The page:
Myanmar’s resistance ethnic allies occupy the government base


Bangkok (AP) — Ethnic Karen guerrillas said they occupied a Myanmar military base on Tuesday. This represents a morale-boosting action by the military in February against the takeover of the country’s civilian government.

A spokesman for the Karen National Union, a major minority political group seeking greater autonomy from the Myanmar central government, said the group’s armed wings attacked the base at 5 am and burned it shortly after dawn. Said that.

The number of casualties is not yet known, KNU’s Foreign Minister Padoh Saw Taw Nee said in a text message. There was no immediate comment from Myanmar’s military administration.

Controlling the territory of eastern Myanmar near the Thai border, KNU is a close ally of the resistance movement against military takeovers that expelled Aung San Suu Kyi’s elected government.

A video shot from the Thai side of the border showed the flames rising from a government location on the banks of the Salween River in the sound of intense shooting. The river marks the border with Thailand.

An unknown villager on the Thai side of the river saw seven government soldiers fleeing a camp opposite the village of Maesamrape in Thailand, according to a report from the Karen Information Center, an online news site.

The battle between KNU militants, the Karen National Liberation Army, and the Myanmar Army has been fierce since February.

Myanmar jets bombed Karen’s village and strafed, and its troops deployed fresh battalions in the area in preparation for a major attack.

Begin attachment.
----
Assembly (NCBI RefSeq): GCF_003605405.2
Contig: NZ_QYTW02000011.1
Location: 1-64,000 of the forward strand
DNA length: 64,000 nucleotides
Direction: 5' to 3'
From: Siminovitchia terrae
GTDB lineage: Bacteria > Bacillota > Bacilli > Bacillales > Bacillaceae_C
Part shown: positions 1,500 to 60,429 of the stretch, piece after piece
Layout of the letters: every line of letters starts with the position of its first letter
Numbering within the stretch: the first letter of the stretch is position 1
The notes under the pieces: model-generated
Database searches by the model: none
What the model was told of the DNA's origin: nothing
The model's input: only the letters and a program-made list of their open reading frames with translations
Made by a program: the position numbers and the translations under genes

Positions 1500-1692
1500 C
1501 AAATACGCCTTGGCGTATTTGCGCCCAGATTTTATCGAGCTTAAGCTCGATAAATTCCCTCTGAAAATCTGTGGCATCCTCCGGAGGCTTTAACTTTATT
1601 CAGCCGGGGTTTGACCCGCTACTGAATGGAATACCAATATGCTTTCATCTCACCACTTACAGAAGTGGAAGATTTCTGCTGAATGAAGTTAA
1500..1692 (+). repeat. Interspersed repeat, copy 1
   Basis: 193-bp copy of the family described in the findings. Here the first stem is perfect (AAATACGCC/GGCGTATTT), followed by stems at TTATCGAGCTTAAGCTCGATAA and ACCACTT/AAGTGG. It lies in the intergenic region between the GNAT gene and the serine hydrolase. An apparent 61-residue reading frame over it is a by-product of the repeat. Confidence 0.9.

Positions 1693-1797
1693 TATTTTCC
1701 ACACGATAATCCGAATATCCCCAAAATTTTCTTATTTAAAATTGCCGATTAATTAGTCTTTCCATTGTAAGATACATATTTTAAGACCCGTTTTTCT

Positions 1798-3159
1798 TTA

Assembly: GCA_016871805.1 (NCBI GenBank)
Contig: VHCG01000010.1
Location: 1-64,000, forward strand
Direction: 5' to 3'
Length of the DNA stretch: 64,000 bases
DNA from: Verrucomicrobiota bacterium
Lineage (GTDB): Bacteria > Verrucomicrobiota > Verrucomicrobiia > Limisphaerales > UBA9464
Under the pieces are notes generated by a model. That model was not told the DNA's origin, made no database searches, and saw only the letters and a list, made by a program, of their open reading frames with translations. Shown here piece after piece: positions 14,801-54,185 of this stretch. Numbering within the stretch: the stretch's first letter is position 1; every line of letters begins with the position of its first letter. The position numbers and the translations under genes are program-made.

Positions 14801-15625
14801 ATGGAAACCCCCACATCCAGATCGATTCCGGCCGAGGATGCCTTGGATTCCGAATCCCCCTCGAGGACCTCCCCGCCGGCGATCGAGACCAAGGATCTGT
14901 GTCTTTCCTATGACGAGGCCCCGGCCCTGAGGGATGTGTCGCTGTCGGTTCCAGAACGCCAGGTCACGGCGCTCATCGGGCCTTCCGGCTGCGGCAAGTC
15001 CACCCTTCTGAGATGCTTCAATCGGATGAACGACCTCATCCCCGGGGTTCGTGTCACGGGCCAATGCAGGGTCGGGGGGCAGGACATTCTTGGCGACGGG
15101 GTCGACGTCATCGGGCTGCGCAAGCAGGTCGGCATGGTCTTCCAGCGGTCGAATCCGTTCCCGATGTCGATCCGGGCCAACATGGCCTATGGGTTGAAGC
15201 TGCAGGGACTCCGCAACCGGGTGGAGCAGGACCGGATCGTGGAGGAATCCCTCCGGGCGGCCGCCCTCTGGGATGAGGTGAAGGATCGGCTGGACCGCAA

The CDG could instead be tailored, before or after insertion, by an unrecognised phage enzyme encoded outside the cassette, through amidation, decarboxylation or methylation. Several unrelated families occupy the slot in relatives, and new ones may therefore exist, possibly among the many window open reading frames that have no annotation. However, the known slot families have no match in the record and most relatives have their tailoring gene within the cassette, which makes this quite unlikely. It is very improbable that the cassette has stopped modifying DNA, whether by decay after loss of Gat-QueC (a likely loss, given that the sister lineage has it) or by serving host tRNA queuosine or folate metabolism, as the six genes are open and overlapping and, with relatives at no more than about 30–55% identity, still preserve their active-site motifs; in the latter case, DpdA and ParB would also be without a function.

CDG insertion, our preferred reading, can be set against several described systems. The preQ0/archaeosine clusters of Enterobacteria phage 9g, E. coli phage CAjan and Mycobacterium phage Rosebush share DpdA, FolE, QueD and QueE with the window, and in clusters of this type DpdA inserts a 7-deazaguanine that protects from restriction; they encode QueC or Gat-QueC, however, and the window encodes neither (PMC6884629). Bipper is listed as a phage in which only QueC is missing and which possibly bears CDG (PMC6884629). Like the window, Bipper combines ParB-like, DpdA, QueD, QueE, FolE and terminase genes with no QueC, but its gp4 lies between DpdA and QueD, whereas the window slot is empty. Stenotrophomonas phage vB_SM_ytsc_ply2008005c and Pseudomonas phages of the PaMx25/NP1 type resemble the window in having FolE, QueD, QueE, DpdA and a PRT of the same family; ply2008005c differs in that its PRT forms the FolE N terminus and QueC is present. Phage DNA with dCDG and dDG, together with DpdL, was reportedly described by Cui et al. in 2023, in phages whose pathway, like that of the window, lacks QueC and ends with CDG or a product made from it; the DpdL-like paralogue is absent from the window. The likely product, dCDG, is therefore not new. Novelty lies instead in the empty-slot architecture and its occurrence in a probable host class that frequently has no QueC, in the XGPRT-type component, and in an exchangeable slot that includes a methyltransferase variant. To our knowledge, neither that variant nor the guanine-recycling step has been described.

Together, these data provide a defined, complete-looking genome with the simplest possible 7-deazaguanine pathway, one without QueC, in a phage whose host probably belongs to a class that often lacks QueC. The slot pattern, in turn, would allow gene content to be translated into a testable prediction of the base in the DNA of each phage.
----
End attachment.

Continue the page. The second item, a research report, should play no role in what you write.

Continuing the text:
According to Free Burma Rangers, a humanitarian group operating in the area, up to 25,000 villagers have been displaced and hidden in jungles and caves.

In response, KNLA has continued guerrilla attacks on Myanmar patrols and bases. KNU has also provided shelter for activists who oppose the junta, which has fled the government’s crackdown on resistance movements in cities.

A similar situation occurred in northern Myanmar, claiming that a Kachin minority occupied several government outposts and was the target of air raids.

Karen and Kachin are two of the larger minority groups that have sought greater autonomy for decades during the period of armed conflict interrupted by the ceasefire.

The current city-based resistance movement against the ruling Junta has begged ethnic guerrilla groups in the hope that they can form a federal army as a counterweight to the government’s army. A parallel Government of National Unity, established by elected members, was prevented from taking seats by the military and appointed representatives of several minority groups to ministerial posts.

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